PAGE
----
Once a week, hourly therapy sessions were provided for approximately 65 inmates. Inmates were interviewed, evaluated, and screened for individual treatment, and referred to other services within the institution.
Inmate Treatment Program Objectives
The program’s overriding objective was to provide psychological services to approximately 165 inmates, and reentry services to another 60 inmates each year. Specific objectives were:
- To assist inmates in changing dysfunctional attitudes, beliefs and values, and criminal behavior.
- To lower drug usage within the institution.
- To decrease violent, actingout behaviors.
- To improve their custody status.
- To lower stress.
- To increase inmates’ facility in interactional communication skills and improve interpersonal relations.
- To provide a context in which psychological treatment is validated as an essential and highly prioritized institutional service.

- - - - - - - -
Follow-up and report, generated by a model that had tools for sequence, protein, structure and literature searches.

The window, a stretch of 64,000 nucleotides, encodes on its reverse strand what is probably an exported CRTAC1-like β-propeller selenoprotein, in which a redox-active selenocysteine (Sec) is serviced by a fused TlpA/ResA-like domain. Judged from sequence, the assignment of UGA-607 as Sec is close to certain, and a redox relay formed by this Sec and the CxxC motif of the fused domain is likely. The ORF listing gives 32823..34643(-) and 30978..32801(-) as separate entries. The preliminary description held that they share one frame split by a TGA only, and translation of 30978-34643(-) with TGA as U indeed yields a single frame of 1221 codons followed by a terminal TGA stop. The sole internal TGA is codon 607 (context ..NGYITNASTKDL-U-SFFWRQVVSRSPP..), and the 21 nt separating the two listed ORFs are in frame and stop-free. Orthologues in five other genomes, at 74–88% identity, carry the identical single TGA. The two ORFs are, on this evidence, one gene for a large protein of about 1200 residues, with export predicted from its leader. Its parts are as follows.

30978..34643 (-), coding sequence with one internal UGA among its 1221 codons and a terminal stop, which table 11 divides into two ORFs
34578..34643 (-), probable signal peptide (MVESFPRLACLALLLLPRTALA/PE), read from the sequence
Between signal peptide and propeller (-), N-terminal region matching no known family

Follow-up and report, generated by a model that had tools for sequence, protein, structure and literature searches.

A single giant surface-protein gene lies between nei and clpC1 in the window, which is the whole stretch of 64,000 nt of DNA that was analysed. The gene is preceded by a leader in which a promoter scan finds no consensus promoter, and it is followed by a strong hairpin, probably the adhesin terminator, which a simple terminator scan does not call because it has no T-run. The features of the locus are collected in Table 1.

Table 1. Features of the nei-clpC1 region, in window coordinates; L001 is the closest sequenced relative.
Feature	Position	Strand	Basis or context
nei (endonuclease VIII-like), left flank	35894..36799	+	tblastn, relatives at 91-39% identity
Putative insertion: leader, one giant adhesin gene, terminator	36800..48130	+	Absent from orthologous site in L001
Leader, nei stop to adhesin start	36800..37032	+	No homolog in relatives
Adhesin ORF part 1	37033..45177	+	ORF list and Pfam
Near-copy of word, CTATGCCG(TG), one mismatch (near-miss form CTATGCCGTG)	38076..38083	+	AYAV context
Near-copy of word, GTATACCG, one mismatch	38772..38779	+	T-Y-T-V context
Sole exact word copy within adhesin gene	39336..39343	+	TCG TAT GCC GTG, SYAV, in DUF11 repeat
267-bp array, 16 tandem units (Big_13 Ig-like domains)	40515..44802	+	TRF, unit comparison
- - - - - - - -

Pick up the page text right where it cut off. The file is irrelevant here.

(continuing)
- To provide the institution with professionally trained psychotherapists.
Research data on the inmate treatment program was compiled longitudinally for four years and annually for five years. The methodology included psychological prepost test batteries, audiotape analysis of inmate groups, group leader and intern evaluations, analysis of demographic characteristics, and behavior tracking of participants. Evaluation summaries consistently reported a continued level of program effectiveness. To quote from Inside San Quentin- Research and Evaluation Project Year (04), “The overall longitudinal study clearly demonstrates the viability of providing professional, psychotherapeutic services to incarcerated felons within the context of individual, group psychotherapy. This study suggests that the weekly group psychotherapy experience has had its greatest impact on reducing individual stress in coping and adjusting to the prison environment .. it is obvious that the improved functioning within the institution is a significant goal in itself, impacting both the individual and the prison community.”